Water conservation efforts falling short in the South Bay, residents asked to conserve more

Residents in Santa Clara County are being asked to cut water use even more. New numbers show many cities are struggling to meet the water district’s 15% water conservation goal. Latest data shows water use overall in Santa Clara County fell by 6%.

As the Bay Area and state are facing historic drought conditions, there is a call from the Santa Clara Valley Water District and the governor to cut water by 15%.

New numbers from the water district indicate many South Bay water customers aren’t cutting back enough.

"I’m disappointed I thought our numbers would be better," said Gary Kremen, Santa Clara Valley Water District Board Vice Chair. "Once you have a drought, it’s not going to be cured tomorrow it’s going to take months if not years, especially since there’s hardly any water coming into the county and we haven’t had any rain."

Most cities report dropping water use by six percent. Purissima Hills Water that provides water to the Los Altos Hills reported an increase of water use by 5%.

"I think they were best conserver last time and they might be out of tricks," said Kremen.

In a statement to KTVU, Purissima Hills Water District General Manager Phil Witt said in part, "The district is comprised of 95% residential water customers, which is very unusual. During Covid, the district has seen a general increase in water use as people continue to shelter in place and work from home. For this reason, year to year comparison numbers are difficult."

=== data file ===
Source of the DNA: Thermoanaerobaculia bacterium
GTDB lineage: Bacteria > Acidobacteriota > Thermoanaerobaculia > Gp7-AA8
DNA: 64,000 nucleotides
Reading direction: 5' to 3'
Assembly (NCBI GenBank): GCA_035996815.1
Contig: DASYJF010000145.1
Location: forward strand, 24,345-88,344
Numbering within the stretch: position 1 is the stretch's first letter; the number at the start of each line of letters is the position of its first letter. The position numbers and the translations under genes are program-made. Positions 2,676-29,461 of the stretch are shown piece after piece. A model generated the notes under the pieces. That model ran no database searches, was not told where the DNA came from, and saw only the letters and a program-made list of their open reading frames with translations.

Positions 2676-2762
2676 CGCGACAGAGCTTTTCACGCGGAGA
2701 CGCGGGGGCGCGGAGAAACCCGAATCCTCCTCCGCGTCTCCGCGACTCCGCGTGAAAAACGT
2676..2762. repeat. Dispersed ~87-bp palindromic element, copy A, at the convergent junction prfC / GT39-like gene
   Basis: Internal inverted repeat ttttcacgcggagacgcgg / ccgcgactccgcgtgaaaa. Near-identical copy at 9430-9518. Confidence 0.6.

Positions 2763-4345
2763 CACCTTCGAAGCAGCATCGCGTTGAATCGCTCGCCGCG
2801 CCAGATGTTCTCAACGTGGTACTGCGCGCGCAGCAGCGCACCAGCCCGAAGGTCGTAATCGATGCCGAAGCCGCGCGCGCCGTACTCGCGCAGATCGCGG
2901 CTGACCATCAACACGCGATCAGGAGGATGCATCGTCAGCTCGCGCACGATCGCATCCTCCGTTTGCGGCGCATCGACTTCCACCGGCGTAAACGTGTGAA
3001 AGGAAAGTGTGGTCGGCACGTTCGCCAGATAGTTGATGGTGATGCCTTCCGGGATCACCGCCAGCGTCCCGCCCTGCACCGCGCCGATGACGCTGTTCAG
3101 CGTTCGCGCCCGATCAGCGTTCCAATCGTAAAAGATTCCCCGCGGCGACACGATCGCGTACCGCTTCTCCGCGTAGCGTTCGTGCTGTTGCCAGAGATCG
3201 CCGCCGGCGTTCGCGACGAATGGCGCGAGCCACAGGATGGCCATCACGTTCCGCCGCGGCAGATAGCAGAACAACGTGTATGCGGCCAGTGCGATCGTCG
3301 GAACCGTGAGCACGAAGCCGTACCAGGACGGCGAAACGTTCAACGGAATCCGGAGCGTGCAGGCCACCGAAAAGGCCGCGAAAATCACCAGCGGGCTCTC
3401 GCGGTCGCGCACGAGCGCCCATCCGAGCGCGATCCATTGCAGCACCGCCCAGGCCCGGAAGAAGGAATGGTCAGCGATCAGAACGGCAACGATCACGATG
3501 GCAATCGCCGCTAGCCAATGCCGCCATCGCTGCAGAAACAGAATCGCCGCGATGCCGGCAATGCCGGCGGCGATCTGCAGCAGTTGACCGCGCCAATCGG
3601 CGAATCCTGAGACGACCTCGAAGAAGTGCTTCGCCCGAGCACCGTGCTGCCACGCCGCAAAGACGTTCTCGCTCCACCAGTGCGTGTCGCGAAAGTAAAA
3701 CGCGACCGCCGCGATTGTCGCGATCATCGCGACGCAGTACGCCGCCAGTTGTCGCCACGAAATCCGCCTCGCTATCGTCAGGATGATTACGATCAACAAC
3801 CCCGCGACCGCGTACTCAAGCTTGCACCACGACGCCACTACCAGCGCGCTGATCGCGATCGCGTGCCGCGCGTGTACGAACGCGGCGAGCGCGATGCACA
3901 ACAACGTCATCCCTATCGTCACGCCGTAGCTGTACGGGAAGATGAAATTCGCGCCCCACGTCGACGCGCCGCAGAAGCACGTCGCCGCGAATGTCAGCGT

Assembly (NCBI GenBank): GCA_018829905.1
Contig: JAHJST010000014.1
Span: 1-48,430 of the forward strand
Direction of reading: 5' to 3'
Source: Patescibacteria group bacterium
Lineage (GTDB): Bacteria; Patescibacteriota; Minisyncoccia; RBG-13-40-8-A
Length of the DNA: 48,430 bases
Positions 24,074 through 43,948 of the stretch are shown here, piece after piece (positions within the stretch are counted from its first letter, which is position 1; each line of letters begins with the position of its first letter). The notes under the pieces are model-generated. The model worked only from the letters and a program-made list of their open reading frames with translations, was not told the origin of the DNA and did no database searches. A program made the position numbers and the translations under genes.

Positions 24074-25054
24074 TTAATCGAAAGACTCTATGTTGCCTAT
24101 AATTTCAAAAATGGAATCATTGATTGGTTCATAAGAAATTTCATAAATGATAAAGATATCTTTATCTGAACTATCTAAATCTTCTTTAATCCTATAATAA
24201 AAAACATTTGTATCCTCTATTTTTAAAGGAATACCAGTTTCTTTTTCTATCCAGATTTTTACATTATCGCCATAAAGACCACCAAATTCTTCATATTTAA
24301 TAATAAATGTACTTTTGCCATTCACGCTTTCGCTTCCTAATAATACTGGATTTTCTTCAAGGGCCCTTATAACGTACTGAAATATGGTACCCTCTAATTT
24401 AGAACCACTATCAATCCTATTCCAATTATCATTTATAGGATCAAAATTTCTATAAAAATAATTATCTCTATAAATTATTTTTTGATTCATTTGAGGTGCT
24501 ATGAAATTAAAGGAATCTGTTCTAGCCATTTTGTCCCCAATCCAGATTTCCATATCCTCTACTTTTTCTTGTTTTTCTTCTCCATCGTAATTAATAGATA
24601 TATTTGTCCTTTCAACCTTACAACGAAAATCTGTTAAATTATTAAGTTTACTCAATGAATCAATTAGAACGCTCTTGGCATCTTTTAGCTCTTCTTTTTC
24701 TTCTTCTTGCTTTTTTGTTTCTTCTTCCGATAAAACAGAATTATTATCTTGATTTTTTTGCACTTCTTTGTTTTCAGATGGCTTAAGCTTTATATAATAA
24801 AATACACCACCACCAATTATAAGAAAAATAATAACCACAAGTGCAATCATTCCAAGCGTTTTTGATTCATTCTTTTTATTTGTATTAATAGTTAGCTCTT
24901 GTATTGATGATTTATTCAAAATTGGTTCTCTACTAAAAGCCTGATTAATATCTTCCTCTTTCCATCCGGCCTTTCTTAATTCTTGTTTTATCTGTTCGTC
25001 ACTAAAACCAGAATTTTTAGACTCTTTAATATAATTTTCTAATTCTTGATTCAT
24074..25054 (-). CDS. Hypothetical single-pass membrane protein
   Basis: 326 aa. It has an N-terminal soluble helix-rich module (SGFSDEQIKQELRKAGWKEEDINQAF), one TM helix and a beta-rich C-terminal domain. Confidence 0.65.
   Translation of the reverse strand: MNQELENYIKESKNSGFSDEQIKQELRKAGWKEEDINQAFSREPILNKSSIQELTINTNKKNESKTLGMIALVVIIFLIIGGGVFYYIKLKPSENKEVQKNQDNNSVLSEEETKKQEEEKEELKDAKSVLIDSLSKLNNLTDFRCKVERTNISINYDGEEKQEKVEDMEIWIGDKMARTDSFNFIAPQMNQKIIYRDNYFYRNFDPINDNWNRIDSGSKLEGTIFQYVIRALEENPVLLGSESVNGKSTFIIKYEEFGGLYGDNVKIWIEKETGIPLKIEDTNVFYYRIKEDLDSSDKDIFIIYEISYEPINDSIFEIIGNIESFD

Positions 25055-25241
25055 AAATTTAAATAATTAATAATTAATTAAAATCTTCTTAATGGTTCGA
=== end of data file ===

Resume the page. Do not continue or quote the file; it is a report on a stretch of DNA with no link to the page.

Mountain View and Santa Clara reported a 2% drop. Tony Kuczynski, a Mountain View resident, points to a growing population.

"I think we need better infrastructure where we can reclaim waste water," said Kuczynski. "Don’t build so many houses which I know is the opposite of what people say."

"We’re in deep trouble if everyone doesn't do their fair share," said Sherri Stein of Cupertino. "I don’t know if we are going to get water."

Stein is watering her trees, using a gray water system essentially laundry water with special soap. She said it saves 15,000 gallons of water a year.

"We have to really start thinking about how we’re using water," said Stein.

Stanford was the only area to meet the water district’s goal. The City of Palo Alto came close at 13%.

Azenith Smith is a reporter for KTVU.  Email Azenith at azenith.smith@fox.com and follow her on Twitter and Instagram @AzenithKTVU or Facebook or ktvu.com.